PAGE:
George was a pirate, but he wasn’t a very good pirate.
Oh, sure, he always wanted to be a pirate.
He dressed up as a pirate every Halloween and went Trick-or-Treating.
One year, after hearing “Aren’t you too old to be trick or treating?” too many times, George went to the tavern.
Sure enough, there was a table full of pirates, and when they were done drinking, George tagged along.
At first, the captain was happy to get a new recruit.
But after so many screwups, he wished that George had dressed up like a clown and joined the circus.
Nobody debated that Melbourne Fitch was in the morgue.
The problem was, there were three of him.
Three Melbourne Fitches, completely identical.
Well, except in how they died.
One had a gaping gunshot wound.
The second had been poisoned.
And the third, drowned.
But everything else, they were the same.
Melbourne had no brothers, so he wasn’t any kind of triplet set.
Nor did any of the three show signs of plastic surgery to render two identical to the third.
The coroner shrugged, released one body, and dismembered the other two for disposal as medical waste.
So much less paperwork.
Medical schools have strict rules with how students are supposed to treat donated cadavers.
They’re not allowed to use them in pranks, abuse them, or conduct resurrection experiments.
On the other hand, there are no rules when it comes to the bodies of people that they grab off of the street and murder.
Well, besides the fact that they’re not supposed to be grabbing them off the street and murdering them.
The administration does its best to cover those incidents up.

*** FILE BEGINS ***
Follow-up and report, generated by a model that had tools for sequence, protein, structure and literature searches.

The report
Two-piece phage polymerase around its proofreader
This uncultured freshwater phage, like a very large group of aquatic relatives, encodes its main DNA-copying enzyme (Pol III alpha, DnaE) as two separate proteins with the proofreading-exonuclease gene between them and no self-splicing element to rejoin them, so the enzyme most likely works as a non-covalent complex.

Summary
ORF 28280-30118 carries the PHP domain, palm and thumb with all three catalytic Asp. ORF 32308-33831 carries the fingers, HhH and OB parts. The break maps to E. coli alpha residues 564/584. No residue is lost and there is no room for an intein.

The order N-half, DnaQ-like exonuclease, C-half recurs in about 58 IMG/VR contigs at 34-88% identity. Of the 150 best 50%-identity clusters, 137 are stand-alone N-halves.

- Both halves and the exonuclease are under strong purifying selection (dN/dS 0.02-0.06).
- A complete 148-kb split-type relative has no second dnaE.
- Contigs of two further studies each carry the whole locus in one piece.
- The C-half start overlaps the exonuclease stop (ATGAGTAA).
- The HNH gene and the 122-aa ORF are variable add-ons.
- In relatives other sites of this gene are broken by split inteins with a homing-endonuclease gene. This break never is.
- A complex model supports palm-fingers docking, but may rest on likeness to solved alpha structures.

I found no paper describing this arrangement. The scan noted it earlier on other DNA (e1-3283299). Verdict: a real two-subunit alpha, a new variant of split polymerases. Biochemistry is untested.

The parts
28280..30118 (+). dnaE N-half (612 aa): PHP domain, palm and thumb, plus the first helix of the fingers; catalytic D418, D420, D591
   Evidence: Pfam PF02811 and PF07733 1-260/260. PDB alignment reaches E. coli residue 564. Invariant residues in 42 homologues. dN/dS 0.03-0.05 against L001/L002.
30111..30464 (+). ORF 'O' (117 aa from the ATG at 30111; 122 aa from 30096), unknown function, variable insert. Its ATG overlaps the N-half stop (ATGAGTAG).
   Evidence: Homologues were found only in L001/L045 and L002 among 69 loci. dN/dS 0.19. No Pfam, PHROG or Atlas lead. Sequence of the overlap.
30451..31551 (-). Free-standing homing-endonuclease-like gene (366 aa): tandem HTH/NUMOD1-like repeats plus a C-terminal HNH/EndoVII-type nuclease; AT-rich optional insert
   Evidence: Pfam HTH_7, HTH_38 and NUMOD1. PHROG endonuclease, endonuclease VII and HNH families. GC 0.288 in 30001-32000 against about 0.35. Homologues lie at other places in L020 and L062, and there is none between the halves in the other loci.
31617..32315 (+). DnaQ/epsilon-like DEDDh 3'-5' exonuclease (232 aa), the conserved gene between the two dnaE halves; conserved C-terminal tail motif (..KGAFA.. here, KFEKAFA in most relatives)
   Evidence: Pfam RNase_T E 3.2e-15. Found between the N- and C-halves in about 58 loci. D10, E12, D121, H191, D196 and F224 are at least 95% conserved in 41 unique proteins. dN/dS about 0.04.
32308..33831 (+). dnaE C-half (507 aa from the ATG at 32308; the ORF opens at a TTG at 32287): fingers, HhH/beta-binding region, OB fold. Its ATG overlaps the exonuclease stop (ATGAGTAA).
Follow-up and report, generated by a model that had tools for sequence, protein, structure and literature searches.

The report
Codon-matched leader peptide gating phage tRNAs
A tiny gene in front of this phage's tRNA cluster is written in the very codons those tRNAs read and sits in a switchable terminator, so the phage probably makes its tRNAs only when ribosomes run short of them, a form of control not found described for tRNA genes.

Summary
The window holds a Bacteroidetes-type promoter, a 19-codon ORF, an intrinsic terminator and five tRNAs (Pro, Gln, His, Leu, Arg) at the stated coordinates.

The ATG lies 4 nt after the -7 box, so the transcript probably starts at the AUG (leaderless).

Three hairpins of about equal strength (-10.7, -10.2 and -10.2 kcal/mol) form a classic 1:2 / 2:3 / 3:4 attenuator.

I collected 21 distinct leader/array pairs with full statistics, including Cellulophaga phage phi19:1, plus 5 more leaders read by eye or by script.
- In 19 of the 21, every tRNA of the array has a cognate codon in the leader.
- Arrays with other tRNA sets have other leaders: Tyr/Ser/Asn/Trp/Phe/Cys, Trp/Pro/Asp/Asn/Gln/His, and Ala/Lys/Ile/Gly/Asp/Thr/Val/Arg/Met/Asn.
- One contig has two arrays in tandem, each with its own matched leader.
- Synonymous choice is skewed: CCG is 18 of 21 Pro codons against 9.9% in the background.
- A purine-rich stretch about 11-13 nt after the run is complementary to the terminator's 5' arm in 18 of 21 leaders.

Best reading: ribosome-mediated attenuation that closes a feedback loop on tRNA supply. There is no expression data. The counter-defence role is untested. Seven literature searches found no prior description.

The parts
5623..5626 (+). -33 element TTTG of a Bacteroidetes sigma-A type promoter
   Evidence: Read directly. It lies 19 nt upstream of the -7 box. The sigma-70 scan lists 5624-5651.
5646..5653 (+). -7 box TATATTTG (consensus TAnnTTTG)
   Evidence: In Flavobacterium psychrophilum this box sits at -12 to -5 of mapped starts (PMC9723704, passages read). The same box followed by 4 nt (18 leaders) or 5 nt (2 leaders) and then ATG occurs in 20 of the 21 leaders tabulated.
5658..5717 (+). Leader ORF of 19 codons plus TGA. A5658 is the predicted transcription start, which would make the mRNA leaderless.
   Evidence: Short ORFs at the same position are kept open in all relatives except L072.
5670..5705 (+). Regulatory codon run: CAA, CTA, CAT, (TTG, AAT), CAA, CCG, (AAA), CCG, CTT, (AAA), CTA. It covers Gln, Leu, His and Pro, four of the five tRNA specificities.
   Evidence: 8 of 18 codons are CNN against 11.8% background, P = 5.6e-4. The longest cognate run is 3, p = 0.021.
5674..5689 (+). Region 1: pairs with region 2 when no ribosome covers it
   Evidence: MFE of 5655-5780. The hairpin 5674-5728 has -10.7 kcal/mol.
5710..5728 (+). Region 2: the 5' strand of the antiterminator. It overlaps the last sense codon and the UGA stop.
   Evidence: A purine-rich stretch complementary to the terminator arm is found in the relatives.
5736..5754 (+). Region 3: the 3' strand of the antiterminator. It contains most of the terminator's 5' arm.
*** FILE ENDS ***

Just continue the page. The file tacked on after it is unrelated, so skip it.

They dress the frankensteins in janitor’s overalls, give them mops, and set them to cleaning with the night shift.
Halfway through the dinner, Foster tapped his glass to bring silence to the table.
“They say that holding a grudge is like drinking poison and hoping that the other person will die,” he said. “Which is why I’ve brought you here to apologize, and to beg for forgiveness.”
Foster’s enemies muttered among themselves, and then came to agreement to accept Foster’s apology.
They raised their glasses in a toast, and drank.
One by one, they clutched their throats, gasped, and collapsed.
“… and to serve you poisoned wine,” finished Foster.
He knocked over a candle, and left as the flames spread.
Josie wanted an abortion.
“My body, my choice,” she said.
A counselor was assigned to help her with her decision, just to make sure she didn’t regret anything later.
“What’s there to regret?” said Josie. “It’s not a person. It’s not human.”
So, the counselor gave approval, and Josie had the abortion.
The next night, the counselor invited Josie over for dinner.
She lifted the cover off of the main course: Josie’s aborted fetus, roasted and garnished.
“It’s not a person or human, right?” said the counselor.
And then she opened a bottle of wine… white goes with baby, right?
I tested my quantum teleporter on my lab assistant.
He reached the destination pod successfully.
Well, sort of.
He actually disintegrated into dust on the first pad as the scanners determined every one of his particle’s quantum states.
So, technically, I murdered my lab assistant.
And there was an exact quantum duplicate on the teleporter pad.
But before you arrest me for murder, please keep in mind that after I teleported my assistant, I teleported myself.
The me you see is a quantum duplicate of my original self.
Completely innocent of my original’s act of murder.
Or suicide, I suppose.
The truth is, Mark David Chapman didn’t want to kill John Lennon.
He really wanted to kill Yoko Ono.
However, when he finally got his chance, outside of the Dakota, Yoko grabbed her husband and used him as a human shield.
Lennon lay dying on the ground.
Chapman, out of bullets, pulled out his copy of Catcher In The Rye and began to smack Yoko with it.
Yoko paid off the witnesses to get them to say he wanted to kill John, not her.
She was terrified that a sympathetic jury would let him go to finish the grisly task.